Helltown has been kicking it around the Burgh since 2011. The Mt. Pleasant taproom is actually the original location and the namesake of the brewery. I love this little tidbit: the area that is now Mt. Pleasant was a hotbed of violence and protest during the Whiskey rebellion in the 1790s that became known as Helltown. When Mt. Pleasant was incorporated as a borough, it was given the zip 15666 as a nod to its historical roots. Since the name Helltown Brewing and the devil imagery. 

These days Helltown is quite a staple in the region. They have 4 taprooms, including the original taproom in Mt. Pleasant, one in Houston, The Strip District, and Export. They’ve grown so much that they now also export throughout PA and selection counties in WV and MD. Helltown makes some “devilishly good” beer and their taprooms are definitely worth a visit! I’ve been to all but the Export location and each place has a great atmosphere with outdoor seating. 

When J and I visited Mt. Pleasant, there was a cornhole tournament going on which made for some fun entertainment! Also I shouldn’t have been surprised, but Helltown goes ALL OUT with Halloween decorations! After a day of gorgeous fall colors, settling in with some spooky beers was the perfect way to spend a late October weekend!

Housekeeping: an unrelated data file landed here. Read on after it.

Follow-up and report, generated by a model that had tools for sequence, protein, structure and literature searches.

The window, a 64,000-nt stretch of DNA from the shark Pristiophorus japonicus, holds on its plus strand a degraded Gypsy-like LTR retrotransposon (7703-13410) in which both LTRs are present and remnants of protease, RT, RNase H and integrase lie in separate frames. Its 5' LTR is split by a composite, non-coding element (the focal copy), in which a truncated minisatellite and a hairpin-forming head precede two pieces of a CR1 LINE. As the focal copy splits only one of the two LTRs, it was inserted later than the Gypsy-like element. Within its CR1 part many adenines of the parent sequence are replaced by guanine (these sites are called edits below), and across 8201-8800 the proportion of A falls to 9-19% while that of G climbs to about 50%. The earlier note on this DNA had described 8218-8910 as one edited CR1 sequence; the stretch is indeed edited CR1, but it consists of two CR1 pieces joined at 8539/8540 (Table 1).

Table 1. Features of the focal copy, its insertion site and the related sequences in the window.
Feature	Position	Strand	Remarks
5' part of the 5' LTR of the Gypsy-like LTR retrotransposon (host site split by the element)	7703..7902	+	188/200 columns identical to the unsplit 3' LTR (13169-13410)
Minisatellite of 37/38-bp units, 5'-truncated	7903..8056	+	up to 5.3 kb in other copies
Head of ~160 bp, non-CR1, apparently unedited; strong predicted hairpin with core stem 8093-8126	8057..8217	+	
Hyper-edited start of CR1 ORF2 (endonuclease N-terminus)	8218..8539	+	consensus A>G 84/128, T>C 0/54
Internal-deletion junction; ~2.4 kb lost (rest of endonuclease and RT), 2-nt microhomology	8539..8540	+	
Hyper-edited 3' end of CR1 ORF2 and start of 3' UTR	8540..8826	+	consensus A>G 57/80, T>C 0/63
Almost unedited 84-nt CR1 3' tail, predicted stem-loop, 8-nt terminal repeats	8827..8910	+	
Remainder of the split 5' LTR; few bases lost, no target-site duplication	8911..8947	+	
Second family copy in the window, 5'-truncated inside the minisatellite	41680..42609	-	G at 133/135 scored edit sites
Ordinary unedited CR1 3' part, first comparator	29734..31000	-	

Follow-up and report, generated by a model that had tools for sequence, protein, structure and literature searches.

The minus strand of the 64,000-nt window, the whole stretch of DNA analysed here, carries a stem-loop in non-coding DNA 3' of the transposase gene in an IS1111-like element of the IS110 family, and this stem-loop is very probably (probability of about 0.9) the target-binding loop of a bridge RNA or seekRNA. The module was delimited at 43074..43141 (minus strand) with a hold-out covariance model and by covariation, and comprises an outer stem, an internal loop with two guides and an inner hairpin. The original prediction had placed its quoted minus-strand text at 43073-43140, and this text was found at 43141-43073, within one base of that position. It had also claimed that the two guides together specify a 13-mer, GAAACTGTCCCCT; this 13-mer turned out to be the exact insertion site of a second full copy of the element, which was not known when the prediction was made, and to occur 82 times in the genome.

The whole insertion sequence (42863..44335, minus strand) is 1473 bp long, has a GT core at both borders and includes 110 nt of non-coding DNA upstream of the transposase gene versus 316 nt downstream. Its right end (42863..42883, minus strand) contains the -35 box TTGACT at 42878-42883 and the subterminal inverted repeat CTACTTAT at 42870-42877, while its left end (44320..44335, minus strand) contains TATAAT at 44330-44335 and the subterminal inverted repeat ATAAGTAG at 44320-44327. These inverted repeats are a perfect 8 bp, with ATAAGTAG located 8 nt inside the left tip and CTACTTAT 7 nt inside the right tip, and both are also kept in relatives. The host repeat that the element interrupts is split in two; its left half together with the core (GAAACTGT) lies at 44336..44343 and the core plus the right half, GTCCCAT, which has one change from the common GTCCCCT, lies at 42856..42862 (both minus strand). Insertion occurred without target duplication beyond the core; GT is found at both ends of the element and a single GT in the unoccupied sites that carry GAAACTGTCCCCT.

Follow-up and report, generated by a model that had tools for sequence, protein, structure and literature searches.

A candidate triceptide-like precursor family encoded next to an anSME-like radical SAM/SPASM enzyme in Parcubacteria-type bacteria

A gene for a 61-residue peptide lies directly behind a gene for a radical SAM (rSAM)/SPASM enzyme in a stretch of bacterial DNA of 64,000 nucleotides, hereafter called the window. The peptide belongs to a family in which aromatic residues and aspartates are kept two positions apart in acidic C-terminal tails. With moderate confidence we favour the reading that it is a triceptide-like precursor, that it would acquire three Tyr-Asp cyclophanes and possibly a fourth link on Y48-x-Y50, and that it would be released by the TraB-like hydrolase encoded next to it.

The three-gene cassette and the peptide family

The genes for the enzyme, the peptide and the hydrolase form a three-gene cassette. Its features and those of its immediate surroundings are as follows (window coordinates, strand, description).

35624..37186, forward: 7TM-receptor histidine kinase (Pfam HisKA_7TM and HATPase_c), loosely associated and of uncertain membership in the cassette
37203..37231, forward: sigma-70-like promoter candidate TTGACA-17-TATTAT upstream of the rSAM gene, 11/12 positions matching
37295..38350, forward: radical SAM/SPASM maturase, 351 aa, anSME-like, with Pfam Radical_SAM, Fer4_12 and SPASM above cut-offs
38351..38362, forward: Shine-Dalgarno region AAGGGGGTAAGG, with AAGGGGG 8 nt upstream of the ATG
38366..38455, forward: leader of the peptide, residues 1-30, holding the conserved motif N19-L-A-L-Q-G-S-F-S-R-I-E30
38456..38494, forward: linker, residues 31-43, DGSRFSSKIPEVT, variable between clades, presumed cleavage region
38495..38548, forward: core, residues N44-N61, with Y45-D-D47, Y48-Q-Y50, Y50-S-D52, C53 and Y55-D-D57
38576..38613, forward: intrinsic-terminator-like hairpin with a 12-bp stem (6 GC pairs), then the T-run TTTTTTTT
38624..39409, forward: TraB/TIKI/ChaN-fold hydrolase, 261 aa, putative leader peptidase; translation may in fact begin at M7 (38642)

Our Beer:

  • HFK – Kolsch – 5.1%
  • Eve’s Fall – Marzen – 6%
  • Sin – IPA – 6.8%
  • Headless Wylie – Pumpkin Beer – 8.1%

SUM UP: Wolf Rocks is a popular trail with gorgeous views of the Laurel Highlands. The trail starts in the small Laurel Summit State Park and travels through Forbes State Forest. The trail doesn’t have a lot of incline, but it is rocky in sections so bring your ankle support boots! The rocky overlook is a great spot to rest and take in the views. I also highly recommend adding the short boardwalk trail out to Spruce Flat Bog when you finish the Wolf Rocks Loop, to see a unique high elevation bog! We really loved hiking and driving thru this area, so try to make a day of it! Then, as you’re making your way back towards Pittsburgh, stop for a brew at Helltown in Mt. Pleasant. They got great beer, plenty of cozy outdoor seating, and usually have a food truck!

North Park & Cinderlands Taproom

Wexford, PA